„ defensin-alpha-6 (defensin-6, HD-6, DEFA6, DEF6) (Jones and Bevins, 1993; Noble CL et al, 2008; Koslowski MJ et al, 2010; Wehkamp J and Stange EF, 2010; Zhao C et al, 1996; Zilbauer et al, 2011)
„ Defensins (Alpha-Defensins) (Ayabe et al, 2000; Ouellette et al, 2000; Karlsson et al, 2008)
„ DMBT1 (deleted in malignant brain tumors 1, gp300, Glycoprotein 300; GP340, Glycoprotein 340; lung glycoprotein 340; Surfactant pulmonary-associated D-binding protein; SAG, Salivary agglutinin; CRP-ductin, CRP-alpha, CRP-beta, CRP-ductin alpha, CRP-ductin beta; Crpd; ebnerin; Hensin, muclin, Mucin-like glycoprotein, Apactin, vomeroglandin) (Renner et al, 2007)
„ EGF (epidermal growth factor, EGF-URO, HMGF, human milk growth factor, PGF, prostatic growth factor, beta-Urogastrone, URO, URG, Urogastrone, tooth-lid factor) (Bulow et al, 1988; Raaberg et al, 1988; Poulsen et al, 1986)
„ enhancing factor (Mulherkar et al, 1993)
„ FAS ligand (FASL, FASLG, APT1LG1, apoptosis antigen ligand 1, CD95 ligand, CD95L, APO-1 ligand, APTL, Apoptosis antigen ligand, TNF ligand superfamily member 6, TNFSF6, CD178) (Moller et al, 1996)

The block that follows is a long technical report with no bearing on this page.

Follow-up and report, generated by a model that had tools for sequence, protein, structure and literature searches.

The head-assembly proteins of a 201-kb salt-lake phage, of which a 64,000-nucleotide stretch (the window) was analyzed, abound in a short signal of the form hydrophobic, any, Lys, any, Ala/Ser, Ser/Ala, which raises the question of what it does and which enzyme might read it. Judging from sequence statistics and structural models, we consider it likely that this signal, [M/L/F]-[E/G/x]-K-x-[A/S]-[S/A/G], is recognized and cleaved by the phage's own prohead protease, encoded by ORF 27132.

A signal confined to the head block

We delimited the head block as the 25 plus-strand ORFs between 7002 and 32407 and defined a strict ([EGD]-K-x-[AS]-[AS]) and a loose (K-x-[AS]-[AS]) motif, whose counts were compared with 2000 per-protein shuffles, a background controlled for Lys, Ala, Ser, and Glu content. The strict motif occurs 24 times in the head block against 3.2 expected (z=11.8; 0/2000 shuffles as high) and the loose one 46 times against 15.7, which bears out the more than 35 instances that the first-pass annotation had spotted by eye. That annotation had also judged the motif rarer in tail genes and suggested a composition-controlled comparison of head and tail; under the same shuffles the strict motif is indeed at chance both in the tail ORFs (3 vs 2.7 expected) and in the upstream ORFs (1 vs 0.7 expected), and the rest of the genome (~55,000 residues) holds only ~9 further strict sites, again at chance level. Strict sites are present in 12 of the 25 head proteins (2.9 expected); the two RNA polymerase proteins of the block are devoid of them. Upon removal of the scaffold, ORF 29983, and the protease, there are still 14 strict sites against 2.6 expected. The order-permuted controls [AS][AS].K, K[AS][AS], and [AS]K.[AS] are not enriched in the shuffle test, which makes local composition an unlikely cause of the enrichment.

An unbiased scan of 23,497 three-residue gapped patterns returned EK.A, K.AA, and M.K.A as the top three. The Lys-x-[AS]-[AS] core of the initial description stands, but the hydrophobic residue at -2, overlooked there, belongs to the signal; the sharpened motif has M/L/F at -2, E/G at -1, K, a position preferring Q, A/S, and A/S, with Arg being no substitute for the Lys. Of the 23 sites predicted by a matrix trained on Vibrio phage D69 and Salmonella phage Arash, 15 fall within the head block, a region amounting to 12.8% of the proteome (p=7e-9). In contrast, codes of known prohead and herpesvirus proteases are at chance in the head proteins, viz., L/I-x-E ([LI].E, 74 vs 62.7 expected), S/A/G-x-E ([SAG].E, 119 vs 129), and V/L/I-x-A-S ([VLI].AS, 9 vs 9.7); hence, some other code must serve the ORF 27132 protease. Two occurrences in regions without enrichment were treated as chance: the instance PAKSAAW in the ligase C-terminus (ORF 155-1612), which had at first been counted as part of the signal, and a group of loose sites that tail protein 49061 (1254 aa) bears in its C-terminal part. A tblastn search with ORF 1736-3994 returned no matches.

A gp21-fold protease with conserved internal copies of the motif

„„ FCAMR (Fc fragment of IgA and IgM receptor; High affinity immunoglobulin alpha and immunoglobulin mu Fc receptor, Fc alpha/mu receptor, Fcalpha/muR, Fc alpha/microR, FKSG87, CD351) (Wang R et al, 2009)
„ FIZZ-2 (found in inflammatory zone-2, RELM-beta, resistin-like molecule-beta, RETNLB, resistin like beta, XCP3, ten-cysteine protein 3) (Barnes et al, 2007)
„ frizzled-5 (frizzled family receptor 5, FzD5, Fz5, C2orf31, chromosome 2 open reading frame 31; HFZ5) (van Es et al, 2005)
„ Guanylin (guanylate cyclase activator 2A, GUCA2, GUCA2A, GCAP1, guanylate cyclase activator 1, Guanylyl cyclase-activating protein 1 ) (Date et al, 1996)
„ hsp70 (heat shock protein 70) (Gorbunov and Kiang, 2009)
„ Intelectin (ITLN, Intelectin-1, ITLN1, HL-1, Endothelial lectin HL-1, XL-35, Omentin, lactoferrin receptor, LFR) (Komiya et al, 1998; Wrackmeyer et al, 2006)
„ ITF (intestinal trefoil factor, trefoil factor-3, TFF-3, hP1.B) (Taupin et al, 1996)
„ LBP (LPS binding protein, lipopolysaccharide-binding protein, BPIFD2, BPI fold containing family D member 2) (Hansen et al, 2009)
„ Lysozyme (LYZ, EC188.8.131.52, 1,4-beta-N-acetylmuramidase C) (Darmoul D et al, 1997)
„ M-CSF (macrophage colony stimulating factor, CSF-1, colony stimulating factor-1, CSF-HU, Urinary colony stimulating factor, MGF, macrophage growth factor, MGI-1M, macrophage-granulocyte inducer, op, osteopetrotic, toothless, tl, Lanimostim) (Ryan et al, 2001)
„ MMP-7 (matrix metalloproteinase-7, matrilysin, Matrilysin-1, PUMP, punctuated metalloproteinase, pump-1, putative metalloproteinase-1, matrin, EC184.108.40.206) (Wilson et al, 1999; Lopez-Boado et al, 2000; Husoy et al, 2004; Chen C et al, 2009; Darmoul D et al, 1997)